Hannah Cross died from a rare form of soft tissue cancer, Alveolar rhabdomyosarcoma, in September 2014, less than a year after her wish to meet the Coronation Street cast was granted by Male A Wish UK.
Hannah’s wish to meet the Coronation Street cast was granted in November 2013, creating special memories for the family to treasure.
Her dad Simon, 52, is urging the public to donate to Make-A-Wish UK ahead of World Wish Day (April 29) to help grant life-changing wishes and help other families form happy memories.
The charity wants to raise at least £87,500, which will help revive childhoods lost to critical illness for 35 children like Hannah across the East Midlands, who are still currently waiting for their wish to come true.
Simon’s daughter Hannah was 11 years old when she was diagnosed in the summer of 2012, just as she was moving up from primary to secondary school. Simon, who had volunteered for Make-A-Wish UK since turning 40 in 2009, could never have imagined that his own child would one day be choosing a wish.
“It changed our lives completely,’ said Simon. “You never think it will happen to you – to your child. In an instant, our world was turned upside down.”
During the first gruelling six months of chemotherapy, Hannah would watch Coronation Street with her older brother Callum. “It was her escape,” explained Simon. “She got to know the characters, so when it came to choosing a wish – that was what she wanted. To meet the cast. It was something we could all do together as well, and she wanted that. She was always thinking of others.”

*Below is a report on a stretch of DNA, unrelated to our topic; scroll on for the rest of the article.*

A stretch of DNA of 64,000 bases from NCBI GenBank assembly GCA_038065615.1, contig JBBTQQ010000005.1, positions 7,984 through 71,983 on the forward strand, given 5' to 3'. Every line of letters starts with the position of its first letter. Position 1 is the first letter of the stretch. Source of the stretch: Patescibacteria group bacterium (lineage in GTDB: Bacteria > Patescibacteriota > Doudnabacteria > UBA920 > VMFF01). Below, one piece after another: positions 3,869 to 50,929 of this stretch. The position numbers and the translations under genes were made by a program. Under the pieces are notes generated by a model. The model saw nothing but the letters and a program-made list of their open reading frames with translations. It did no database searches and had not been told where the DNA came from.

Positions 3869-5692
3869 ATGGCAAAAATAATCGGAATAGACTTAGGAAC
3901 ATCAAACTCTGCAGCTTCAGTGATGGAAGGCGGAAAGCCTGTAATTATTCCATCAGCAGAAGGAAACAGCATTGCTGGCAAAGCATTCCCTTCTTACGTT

Hannah travelled with family to Manchester in a limousine to meet the Corrie cast at Granada Studios.
“The impact of a wish on a critically ill child is difficult to put into words,” remembers Simon. “Just to see Hannah smiling – to be able to forget about hospitals, the worry of x-rays and scans... To have that escapism and release, for just a short time. It meant the world to us.”
Hannah and her brother were able to appear as extras during their visit to the set, but sadly the family were given the tragic news that Hannah’s cancer had returned on the same day the episode aired. Despite further treatment, Hannah passed away later that year.
“To see your child go through a critical illness is very difficult,’ said Simon. “They go through such dark times. To have a wish – the anticipation of the wish, the wish itself and then the memories after – is something that helps light up the darkness.”
Simon continues to volunteer and fundraise for Make-A-Wish UK, alongside his full-time role as a Health & Safety Inspector in Boston.
He said: “I can’t change what’s happened, but I can help make a difference to other critically ill children and their families. To be able to see the face of a child when they get their wish is truly magical.”
Each wish is estimated to cost around £2,500 on average to deliver. People can donate at www.make-a-wish.org.uk/east-mids.